Supreme Court Greenlights Texas Immigration Law: Local Groups React

The Supreme Court’s decision allows Texas to enforce its controversial immigration law, sparking reactions from local immigrant groups and officials

Supreme Court Ruling: Texas to Enforce Controversial Immigration Law

In a significant legal development, the Supreme Court has allowed Texas to start enforcing its contentious immigration law, following a 6-3 decision by the court’s conservative majority. The ruling, albeit temporary, has been hailed by Governor Greg Abbott as “a positive development.”

Justice Sonia Sotomayor, however, voiced her dissent, stating that the high court’s decision “invites further chaos and crisis in immigration enforcement.” The law, known as SB4, has been a subject of heated debate, with critics arguing that it could lead to discrimination and intimidation of immigrant communities.

Local immigrant groups have expressed their concerns in the wake of the Supreme Court’s decision. “We know this law will open space for discrimination and intimidation of the community, and we don’t like this law as residents in this state,” said a representative from one of the groups. Under SB4, state law enforcement officers are broadly authorized to arrest individuals suspected of crossing the border illegally.

As the legal challenges continue in the federal appeals court, the case will now return to the Fifth Circuit Court of Appeals, with oral arguments scheduled for Wednesday.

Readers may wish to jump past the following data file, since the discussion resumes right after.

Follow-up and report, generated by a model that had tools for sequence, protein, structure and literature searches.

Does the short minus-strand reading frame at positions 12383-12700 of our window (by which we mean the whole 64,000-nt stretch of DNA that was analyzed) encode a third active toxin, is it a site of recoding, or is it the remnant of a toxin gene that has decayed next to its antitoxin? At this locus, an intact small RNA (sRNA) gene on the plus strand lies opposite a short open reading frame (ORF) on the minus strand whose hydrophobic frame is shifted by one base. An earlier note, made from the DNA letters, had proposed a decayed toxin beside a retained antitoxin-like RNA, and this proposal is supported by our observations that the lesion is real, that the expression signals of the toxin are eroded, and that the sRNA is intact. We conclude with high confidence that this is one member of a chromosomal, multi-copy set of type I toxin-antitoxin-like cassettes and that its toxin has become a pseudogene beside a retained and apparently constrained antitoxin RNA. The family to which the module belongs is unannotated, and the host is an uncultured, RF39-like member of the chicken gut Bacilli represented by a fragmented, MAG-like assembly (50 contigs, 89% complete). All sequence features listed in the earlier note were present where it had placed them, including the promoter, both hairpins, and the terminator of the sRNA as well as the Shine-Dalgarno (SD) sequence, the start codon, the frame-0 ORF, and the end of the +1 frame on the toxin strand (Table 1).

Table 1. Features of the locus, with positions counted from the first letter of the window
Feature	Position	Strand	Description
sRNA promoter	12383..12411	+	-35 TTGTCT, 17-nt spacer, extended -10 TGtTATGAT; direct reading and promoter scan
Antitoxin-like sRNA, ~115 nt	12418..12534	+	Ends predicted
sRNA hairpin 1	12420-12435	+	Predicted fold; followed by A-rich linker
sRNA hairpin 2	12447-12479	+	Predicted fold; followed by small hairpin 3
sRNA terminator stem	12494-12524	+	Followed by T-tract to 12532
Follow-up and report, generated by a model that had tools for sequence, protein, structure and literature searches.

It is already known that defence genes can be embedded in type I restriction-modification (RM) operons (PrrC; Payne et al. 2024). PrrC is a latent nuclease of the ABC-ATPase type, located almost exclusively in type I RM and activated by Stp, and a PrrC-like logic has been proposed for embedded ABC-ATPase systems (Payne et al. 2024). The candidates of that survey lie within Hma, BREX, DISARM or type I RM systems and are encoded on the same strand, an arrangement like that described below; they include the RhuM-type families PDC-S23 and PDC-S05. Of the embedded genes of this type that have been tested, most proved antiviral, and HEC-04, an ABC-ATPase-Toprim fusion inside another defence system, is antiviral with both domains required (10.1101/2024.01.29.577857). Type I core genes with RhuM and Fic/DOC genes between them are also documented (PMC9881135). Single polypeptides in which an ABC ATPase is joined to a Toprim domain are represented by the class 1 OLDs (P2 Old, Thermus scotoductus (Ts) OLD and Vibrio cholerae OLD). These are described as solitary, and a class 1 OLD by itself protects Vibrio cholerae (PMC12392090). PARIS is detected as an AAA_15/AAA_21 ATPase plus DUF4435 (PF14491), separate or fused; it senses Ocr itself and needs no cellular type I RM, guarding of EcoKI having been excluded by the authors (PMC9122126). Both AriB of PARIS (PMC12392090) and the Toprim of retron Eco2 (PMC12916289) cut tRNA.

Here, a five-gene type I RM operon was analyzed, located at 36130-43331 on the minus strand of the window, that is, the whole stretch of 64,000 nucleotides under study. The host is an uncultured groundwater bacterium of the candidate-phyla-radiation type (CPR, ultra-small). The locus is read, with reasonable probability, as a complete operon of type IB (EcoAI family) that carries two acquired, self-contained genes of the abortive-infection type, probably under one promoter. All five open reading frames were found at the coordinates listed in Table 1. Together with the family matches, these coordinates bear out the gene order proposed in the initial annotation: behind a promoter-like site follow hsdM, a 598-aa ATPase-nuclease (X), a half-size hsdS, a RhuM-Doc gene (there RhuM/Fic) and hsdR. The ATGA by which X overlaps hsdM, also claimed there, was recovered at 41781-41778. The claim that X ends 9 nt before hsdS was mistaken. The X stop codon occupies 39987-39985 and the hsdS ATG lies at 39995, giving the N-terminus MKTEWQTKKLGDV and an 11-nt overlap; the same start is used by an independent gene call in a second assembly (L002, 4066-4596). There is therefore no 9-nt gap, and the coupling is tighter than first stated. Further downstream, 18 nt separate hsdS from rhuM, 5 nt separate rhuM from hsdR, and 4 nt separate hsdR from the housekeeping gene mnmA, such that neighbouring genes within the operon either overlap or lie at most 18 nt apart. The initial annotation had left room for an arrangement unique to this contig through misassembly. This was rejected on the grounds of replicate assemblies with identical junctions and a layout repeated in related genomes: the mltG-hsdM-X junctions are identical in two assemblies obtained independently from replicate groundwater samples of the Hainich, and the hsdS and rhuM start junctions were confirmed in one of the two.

For more information on this developing story and other immigration-related news, visit

Texas Immigration Law SB4, What is it?

Here are some of the key provisions of SB4

  1. Where Enforcement is Not Allowed: Police officers can’t arrest or detain people for illegal entry if they are at schools, places of worship, hospitals, or certain facilities for sexual assault survivors.
  2. Orders to Leave the Country: Judges can order people arrested for illegal entry to go back to their home countries under specific conditions.
  3. New Crimes for Illegal Entry: The bill creates new crimes for entering Texas illegally and sets different punishments based on past crimes and other factors.
  4. Protection for Officials and Workers: People working for the government who enforce these new immigration laws are protected from being sued and will be covered for any damages as long as they follow the rules.
  5. Rules for Enforcing the Law: The bill sets out detailed rules for how police and judges should handle cases related to illegal entry.
  6. No Probation for Certain Crimes: People charged with or convicted of illegal entry crimes can’t get probation or other types of community supervision.
  7. If Part of the Law is Invalid: The bill says that if any part of it is found to be illegal or unconstitutional, the rest of the law still stands.

To read the original document, visit: